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Topics in the News: SDI Missile Defense


Donald Trump on Homeland Security : Feb 5, 2019
Withdraw from INF and develop Missile Defense System

We have begun to fully rebuild the military--with $700 billion last year and $716 billion this year. We are also getting other nations to pay their fair share. For years, the US was being treated very unfairly by NATO--but now we have secured a $100 billion increase in defense spending from NATO allies.

As part of our military build-up, the US is developing a state-of-the-art Missile Defense System.

Decades ago the United States entered into a treaty with Russia in which we agreed to limit and reduce our missile capabilities. While we followed the agreement to the letter, Russia repeatedly violated its terms. That is why I announced that the United States is officially withdrawing from the Intermediate-Range Nuclear Forces Treaty, or INF Treaty.

Perhaps we can negotiate a different agreement, adding China and others, or perhaps we can't--in which case, we will outspend and out-innovate all others by far.

Click for Donald Trump on other issues.   Source: 2019 State of the Union address to United States Congress

Mike Pence on Homeland Security : Apr 27, 2014
Grow NATO stronger; Poland & Czech missile shield

Q: During a recent trade mission to Germany, recently you criticized the way President Obama has been handling Ukraine. You said, "With Putin's aggression in Ukraine, I believe we must take immediate steps to strengthen our mutual security by deploying a robust missile defense in all of Europe." Does that mean a missile defense in the Czech Republic or Poland? How does missile defense help?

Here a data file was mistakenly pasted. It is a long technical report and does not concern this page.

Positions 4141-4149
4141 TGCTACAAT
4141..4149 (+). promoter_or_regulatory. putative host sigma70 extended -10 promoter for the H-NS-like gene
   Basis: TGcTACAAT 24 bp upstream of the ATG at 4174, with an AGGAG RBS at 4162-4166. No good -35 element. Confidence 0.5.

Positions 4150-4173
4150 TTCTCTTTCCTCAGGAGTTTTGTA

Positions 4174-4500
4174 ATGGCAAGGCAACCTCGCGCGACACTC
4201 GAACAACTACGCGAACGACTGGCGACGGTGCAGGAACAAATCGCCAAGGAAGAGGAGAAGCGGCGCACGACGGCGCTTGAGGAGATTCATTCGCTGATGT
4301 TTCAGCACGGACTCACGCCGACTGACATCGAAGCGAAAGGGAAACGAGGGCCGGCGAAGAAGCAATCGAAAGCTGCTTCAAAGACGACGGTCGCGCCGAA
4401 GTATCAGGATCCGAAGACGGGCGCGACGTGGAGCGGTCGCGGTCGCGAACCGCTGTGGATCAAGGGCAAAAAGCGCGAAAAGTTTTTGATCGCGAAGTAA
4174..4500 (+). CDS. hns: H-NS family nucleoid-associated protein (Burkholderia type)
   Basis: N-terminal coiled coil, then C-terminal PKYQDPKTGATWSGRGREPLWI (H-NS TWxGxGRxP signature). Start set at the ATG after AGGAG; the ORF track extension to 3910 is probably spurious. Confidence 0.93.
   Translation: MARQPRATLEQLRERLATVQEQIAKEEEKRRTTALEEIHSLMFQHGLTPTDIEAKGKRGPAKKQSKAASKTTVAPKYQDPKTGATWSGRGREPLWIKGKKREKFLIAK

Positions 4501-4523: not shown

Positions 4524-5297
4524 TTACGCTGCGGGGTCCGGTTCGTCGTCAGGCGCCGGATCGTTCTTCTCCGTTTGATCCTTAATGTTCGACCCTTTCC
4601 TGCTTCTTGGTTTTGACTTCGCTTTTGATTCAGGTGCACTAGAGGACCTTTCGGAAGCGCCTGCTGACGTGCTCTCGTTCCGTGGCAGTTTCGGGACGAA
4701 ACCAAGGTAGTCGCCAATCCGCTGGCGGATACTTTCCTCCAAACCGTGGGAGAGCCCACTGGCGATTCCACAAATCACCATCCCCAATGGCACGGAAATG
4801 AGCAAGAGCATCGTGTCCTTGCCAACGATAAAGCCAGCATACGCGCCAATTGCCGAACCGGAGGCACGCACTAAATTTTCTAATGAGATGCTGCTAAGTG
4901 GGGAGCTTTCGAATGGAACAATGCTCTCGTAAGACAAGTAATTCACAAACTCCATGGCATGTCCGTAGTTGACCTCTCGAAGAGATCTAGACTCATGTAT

PENCE: I think we need less talk and more deeds. And by deploying a robust missile shield throughout Europe including in Poland and the Czech Republic that was off-lined in 2009, I think would send a very strong message to Putin and to Russia that NATO countries and the United States are going to respond by growing stronger economically and strategically. And I believe that's going to have a lot more influence in the long haul than more sanctions and more talk. Let's allow Poland and the Czech Republic to have that missile shield that they were entitled to by joining NATO.

Click for Mike Pence on other issues.   Source: Fox News Sunday 2014 interview by Chris Wallace

Joe Biden on Homeland Security : Oct 11, 2012
Special Forces instead of M1 tanks

Q: How you do the budget math and have this increase in defense spending?

RYAN: You don't cut defense by a trillion dollars.

BIDEN: Who's cutting it by a trillion?

RYAN: We're going to cut 80,000 soldiers, 20,000 Marines, 120 cargo planes. We're going to push the Joint Strike Fighter out. We're cutting missile defense. If these cuts go through, our Navy will be the smallest it has been since before World War I. This invites weakness.

BIDEN: Look, we don't cut it. The military says, we need a smaller, leaner Army. We need more special forces. We don't need more M1 tanks. What we need is more UAVs [unmanned aerial vehicles, commonly called "drones"]. That was the decision of the Joint Chiefs of Staff, recommended to us and agreed to by the president.

Click for Joe Biden on other issues.   Source: 2012 Vice Presidential debate

Barack Obama on Homeland Security : Jan 25, 2011
New START treaty: more secure & fewer nuclear weapons

American leadership can be seen in the effort to secure the worst weapons of war. Because Republicans and Democrats approved the New START treaty, far fewer nuclear weapons and launchers will be deployed. Because we rallied the world, nuclear materials are being locked down on every continent so they never fall into the hands of terrorists.